One challenges writers have is introducing the cast of characters in their work. The general wisdom is that you need to space out these introduction to give readers an opportunity to absorb each one, but Kanon failed to do this. He used the cocktail party as a device for introducing several characters–both major and minor–and since he gave equally weight to the descriptions of all of them, this passage grew wearisome and confusing. Though I pride myself on being a focused reader, I lost focus several times during the cocktail party. Several times I had to stop and ask myself: Who’s this person again? What relationship does he have with Alex? Why is he important? Since many of these characters played a minor role, or even no role, in the events of the novel, I feel this scene could’ve and should’ve been more condensed.
Because of the cocktail party, I think of the middle of the book as slow and confusing, but that is unfair. Once we past that scene, once we return to the plot, and once the roles of the major characters become better defined and advanced, the pace quickened and the drama became more tense and dramatic. The cornerstone of fiction is conflict. Leaving Berlin is loaded with it. You know those baked potatoes that are flavored not only with butter and sour cream but also with bacon bits, chives, and cedar cheese? Leaving Berlin is so loaded. There is the political conflict between the East and the West, the beginning of the Cold War, and there’s the conflict of Germany seeking its own identity in the wake of its ruin. And then there’s the conflict between Irene’s many lovers–past, present, and maybe future. There’s violent conflict, balanced with dramatic conflict, and conflict in the subtext. And then there’s the conflict Alex faces as he navigates through the labyrinth of traps that surrounds him.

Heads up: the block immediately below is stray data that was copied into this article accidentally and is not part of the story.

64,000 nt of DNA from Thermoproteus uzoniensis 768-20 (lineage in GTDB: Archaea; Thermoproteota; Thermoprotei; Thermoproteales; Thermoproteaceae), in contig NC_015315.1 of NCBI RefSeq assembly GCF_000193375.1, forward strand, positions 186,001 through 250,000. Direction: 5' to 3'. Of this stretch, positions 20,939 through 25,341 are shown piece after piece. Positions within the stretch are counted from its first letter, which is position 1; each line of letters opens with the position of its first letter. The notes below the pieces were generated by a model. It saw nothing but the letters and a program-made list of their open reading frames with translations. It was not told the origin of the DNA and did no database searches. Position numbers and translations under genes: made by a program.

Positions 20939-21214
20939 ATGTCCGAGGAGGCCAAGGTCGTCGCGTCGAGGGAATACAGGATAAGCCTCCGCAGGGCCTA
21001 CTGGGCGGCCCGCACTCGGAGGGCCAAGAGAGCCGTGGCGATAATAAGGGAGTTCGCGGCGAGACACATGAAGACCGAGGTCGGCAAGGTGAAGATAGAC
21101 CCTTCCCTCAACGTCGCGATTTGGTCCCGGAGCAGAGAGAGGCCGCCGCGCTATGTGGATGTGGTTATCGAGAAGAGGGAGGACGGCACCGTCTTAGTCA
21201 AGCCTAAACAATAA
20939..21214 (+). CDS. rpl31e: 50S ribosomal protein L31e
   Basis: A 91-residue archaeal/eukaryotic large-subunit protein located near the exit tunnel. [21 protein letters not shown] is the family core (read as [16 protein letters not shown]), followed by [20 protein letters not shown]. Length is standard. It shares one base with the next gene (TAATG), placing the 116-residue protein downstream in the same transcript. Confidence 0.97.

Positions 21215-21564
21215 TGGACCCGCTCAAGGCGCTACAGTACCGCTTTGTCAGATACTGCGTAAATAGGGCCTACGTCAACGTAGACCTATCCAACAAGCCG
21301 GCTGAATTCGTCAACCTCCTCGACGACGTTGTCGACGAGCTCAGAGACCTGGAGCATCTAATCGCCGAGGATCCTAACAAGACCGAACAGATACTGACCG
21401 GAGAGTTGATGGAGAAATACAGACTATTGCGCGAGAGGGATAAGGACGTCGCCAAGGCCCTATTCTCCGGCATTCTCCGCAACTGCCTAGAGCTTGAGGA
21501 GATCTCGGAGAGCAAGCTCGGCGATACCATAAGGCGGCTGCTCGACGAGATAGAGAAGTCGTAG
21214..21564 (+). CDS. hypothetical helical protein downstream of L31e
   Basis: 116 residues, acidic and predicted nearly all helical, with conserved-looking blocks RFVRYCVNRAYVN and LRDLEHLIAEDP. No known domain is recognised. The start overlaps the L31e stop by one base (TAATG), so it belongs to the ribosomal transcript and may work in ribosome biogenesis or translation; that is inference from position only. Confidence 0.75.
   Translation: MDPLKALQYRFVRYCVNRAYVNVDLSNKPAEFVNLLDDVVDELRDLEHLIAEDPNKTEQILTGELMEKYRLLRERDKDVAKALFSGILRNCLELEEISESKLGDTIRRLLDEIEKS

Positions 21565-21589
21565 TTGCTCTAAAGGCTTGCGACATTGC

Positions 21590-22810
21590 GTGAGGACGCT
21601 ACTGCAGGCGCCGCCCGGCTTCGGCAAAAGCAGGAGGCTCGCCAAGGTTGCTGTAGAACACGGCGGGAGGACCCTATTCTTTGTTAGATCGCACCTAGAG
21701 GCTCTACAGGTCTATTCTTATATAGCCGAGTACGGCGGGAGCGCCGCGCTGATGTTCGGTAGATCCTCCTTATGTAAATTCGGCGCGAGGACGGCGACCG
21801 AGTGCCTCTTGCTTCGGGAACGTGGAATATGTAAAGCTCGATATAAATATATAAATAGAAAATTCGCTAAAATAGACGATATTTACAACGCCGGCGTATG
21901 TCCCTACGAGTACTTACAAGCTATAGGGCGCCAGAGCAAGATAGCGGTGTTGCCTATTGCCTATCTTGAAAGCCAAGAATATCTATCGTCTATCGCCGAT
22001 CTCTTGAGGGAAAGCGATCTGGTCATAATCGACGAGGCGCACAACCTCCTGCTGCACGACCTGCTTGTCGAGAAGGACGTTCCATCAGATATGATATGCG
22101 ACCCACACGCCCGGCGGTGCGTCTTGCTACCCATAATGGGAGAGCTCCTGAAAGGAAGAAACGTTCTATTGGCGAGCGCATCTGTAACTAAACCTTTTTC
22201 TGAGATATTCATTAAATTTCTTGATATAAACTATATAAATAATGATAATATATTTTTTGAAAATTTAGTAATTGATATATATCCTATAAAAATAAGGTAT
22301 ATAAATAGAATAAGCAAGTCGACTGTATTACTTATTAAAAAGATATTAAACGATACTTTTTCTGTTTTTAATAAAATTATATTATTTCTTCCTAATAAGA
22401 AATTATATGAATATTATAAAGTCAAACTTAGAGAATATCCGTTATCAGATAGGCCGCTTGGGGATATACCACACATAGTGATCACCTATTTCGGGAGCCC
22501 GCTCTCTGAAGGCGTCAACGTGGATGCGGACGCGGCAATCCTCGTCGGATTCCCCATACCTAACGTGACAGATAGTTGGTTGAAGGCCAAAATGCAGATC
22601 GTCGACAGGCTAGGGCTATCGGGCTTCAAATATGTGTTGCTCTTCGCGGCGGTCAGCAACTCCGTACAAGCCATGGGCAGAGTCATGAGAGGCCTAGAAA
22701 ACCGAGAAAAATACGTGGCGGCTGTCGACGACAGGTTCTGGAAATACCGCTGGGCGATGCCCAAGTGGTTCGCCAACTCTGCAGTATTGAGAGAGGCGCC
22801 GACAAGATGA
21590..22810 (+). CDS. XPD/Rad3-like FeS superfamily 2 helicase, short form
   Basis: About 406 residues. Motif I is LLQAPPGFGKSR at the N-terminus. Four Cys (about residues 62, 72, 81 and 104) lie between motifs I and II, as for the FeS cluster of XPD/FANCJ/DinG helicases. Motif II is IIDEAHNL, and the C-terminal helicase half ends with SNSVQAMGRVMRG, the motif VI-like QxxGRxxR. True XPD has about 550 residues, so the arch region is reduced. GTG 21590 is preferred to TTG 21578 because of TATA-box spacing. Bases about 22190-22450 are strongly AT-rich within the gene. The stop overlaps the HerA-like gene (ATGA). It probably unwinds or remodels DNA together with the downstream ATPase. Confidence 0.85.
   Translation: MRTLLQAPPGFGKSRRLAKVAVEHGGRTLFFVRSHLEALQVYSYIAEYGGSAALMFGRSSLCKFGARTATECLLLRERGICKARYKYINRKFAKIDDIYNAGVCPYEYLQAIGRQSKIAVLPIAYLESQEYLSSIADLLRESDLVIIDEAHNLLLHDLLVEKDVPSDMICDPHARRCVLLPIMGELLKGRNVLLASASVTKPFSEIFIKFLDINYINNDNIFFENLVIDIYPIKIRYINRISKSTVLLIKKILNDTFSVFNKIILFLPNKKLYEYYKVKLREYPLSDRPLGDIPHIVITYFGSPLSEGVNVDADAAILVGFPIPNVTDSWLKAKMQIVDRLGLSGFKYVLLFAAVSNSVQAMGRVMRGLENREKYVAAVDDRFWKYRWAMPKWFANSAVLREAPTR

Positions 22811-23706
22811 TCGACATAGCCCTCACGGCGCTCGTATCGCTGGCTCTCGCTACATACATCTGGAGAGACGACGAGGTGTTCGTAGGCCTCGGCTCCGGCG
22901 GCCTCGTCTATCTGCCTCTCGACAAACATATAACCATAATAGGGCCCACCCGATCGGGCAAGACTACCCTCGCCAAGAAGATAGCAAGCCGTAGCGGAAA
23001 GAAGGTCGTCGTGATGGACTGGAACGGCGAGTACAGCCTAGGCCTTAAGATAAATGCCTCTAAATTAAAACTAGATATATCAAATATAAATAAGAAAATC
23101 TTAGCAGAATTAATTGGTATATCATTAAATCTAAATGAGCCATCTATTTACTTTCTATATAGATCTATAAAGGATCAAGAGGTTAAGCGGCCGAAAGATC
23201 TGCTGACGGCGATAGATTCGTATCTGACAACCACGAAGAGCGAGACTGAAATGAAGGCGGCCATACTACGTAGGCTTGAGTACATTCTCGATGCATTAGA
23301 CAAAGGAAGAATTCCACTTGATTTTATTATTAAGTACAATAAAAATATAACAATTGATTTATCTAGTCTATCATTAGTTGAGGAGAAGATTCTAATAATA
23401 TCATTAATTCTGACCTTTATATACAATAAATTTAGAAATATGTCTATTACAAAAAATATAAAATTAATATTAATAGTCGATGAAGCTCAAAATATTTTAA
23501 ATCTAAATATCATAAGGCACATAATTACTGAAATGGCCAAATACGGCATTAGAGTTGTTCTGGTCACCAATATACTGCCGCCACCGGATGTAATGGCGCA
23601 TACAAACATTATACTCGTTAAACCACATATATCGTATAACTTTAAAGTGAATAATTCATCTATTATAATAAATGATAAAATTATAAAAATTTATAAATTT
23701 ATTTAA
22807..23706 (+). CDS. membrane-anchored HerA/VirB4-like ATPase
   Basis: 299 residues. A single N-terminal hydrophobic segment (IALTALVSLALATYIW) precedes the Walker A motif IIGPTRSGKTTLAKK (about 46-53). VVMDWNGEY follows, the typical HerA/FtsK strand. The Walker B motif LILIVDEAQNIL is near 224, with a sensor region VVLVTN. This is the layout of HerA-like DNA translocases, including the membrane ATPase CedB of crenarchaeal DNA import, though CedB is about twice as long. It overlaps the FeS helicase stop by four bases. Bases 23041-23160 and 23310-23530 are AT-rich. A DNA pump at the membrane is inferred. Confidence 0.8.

Leaving Berlin strikes me of the type of novel that not only inspires a second reading but also demands it. There’s so much here that you know you didn’t get it all with the first reading. It’s a short novel, only 264 pages on my Nook, but its packed to capacity. Kanon had trouble transitioning into and out of backstory passages, and as I mentioned earlier, he had trouble pacing character introductions, but once the backstory was established and we met all the characters, the novel read like the page-turning I wanted.
Along with Leaving Berlin, Joseph Kanon had written several spy novels, including Los Alamos (1997), The Good German (2001), and Istanbul Passage (2012). Born in 1946, he made a career as a book publisher, before he decided to become a writer in 1995. Leaving Berlin is the first novel of his I read, but I know it will not be my last. And as I said above, I intend to read this novel a second time. If you enjoy Cold War spy thrillers, I suspect you’ll enjoy reading Leaving Berlin.